HEROES . It is commonly said that whereas in the twentieth century impersonal forces were believed to make history, in the nineteenth century heroic individuals were believed to make history.
The "Great Man" View of History
The epitome of this nineteenth-century outlook was the English writer Thomas Carlyle (1795–1881). His On Heroes, Hero-Worship, and the Heroic in History (1841) celebrates eleven disparate figures grouped into six categories:
- the hero as divinity (Odin)
- the hero as prophet (Mahomet [Mohammed] Muḥammad)
- the hero as poet (Dante, Shakespeare)
- the hero as priest (Martin Luther, John Knox)
- the hero as man of letters (Samuel Johnson, Jean-Jacques Rousseau, Robert Burns)
- the hero as king (Oliver Cromwell, Napoleon).
Carlyle opens his book with a statement that has come to epitomize the "Great Man" view of history: "For, as I take it, Universal History, the history of what man has accomplished in this world, is at bottom the History of the Great Men who have worked here" (Carlyle, 1897, p. 1). Yet for Carlyle heroes are themselves at the mercy of history. He praises heroes for, above all, their insight into the course of society rather than for the direction they impose on it. Heroes ultimately subordinate themselves to history, the course of which is set by God. Furthermore, the period determines the category of hero needed and even possible. Still, Carlyle is crediting heroes with great accomplishments.
Carlyle's concern with outward accomplishment sharply distinguishes his conception of heroism from that of the German philosopher Friedrich Nietzsche (1844–1900) in Part 1 of his Thus Spoke Zarathustra (1883–1885). The achievement of Nietzsche's Übermensch, or "overman," is personal, not societal. Rather than praising the Übermensch for changing his society, Nietzsche praises the society that produces him.
Carlyle's most vitriolic contemporary critic was the pioneering English sociologist Herbert Spencer (1820–1903), for whom the attribution of decisive events to the talents of individuals rather than to the fundamental laws of physical and social evolution is a hopelessly primitive, childish, romantic, and unscientific viewpoint. In Spencer's famous summary phrase in The Study of Society, "Before he [the great man] can re-make his society, his society must make him" (Spencer, 1874, p. 35).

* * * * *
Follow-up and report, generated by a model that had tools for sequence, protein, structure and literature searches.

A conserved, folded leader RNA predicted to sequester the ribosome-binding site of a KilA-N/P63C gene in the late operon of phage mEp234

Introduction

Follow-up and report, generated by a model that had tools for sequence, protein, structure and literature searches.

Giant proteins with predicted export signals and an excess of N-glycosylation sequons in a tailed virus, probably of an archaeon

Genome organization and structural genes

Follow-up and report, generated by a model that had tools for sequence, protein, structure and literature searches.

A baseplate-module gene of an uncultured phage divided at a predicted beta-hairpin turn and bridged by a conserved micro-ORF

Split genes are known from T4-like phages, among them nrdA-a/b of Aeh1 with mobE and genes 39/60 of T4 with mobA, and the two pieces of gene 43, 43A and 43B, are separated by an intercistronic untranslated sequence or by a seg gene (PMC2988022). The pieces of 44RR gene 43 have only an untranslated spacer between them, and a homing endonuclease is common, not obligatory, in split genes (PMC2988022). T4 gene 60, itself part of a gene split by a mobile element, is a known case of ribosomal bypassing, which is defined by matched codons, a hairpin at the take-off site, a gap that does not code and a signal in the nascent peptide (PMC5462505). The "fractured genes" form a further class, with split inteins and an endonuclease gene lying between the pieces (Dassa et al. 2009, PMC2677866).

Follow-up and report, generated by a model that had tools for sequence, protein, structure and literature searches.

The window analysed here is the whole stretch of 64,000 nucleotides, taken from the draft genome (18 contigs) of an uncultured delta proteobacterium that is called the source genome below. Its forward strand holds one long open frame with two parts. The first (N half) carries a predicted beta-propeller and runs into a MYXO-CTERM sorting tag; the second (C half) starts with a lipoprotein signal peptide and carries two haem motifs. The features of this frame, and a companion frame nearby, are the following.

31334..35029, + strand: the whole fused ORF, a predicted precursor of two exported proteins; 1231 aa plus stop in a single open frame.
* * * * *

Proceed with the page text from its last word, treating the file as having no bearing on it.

Spencer's metaphysical counterpart in the rejection of the influence of great men on history was the German philosopher G. W. F. Hegel (1770–1831). In the introduction to his The Philosophy of History, Hegel, unlike Spencer, does praise the hero, but for embodying the World Spirit in its predestined course of development. Whereas Hegel, writing before Carlyle, would have commended Carlyle for emphasizing the hero's "insight," he would have belittled Carlyle for making the hero the cause rather than the manifestation of change.
The twentieth century spawned still stronger skepticism toward the impact of heroes, even in the face of the seemingly all too real impact of dictators like Adolf Hitler (1889–1945) and Joseph Stalin (1879–1953). Defenders of heroism nevertheless remain. Best known is American philosopher Sidney Hook (1902–1989), author of The Hero in History. Hook argues for a sensible middle ground between crediting heroes with everything, which he assumes Carlyle to be doing, and crediting them with nothing. Unlike Carlyle, for whom heroes can be men of letters as well as of action, Hook is concerned only with heroes of action. He distinguishes between "eventful men," whose actions happen to change history, and "event-making men," whose actions are intended to change history. Eventful men have no special insight, and someone else in their place might have done the same. By contrast, Hook's event-making men, like all of Carlyle's heroes, alone have the insight to make the decisions they do. For example, Hook concedes that no one could have prevented World War I but he also asserts that it was not inevitable that World War I would be fought the way it was. Despite his use of the term "men," Hook includes females in both groups—for example, Catherine II of Russia (1729–1796) as an event-making woman. Because only event-making men and women act on the basis of their talents, only they deserve the epithet "hero."
Heroes and Gods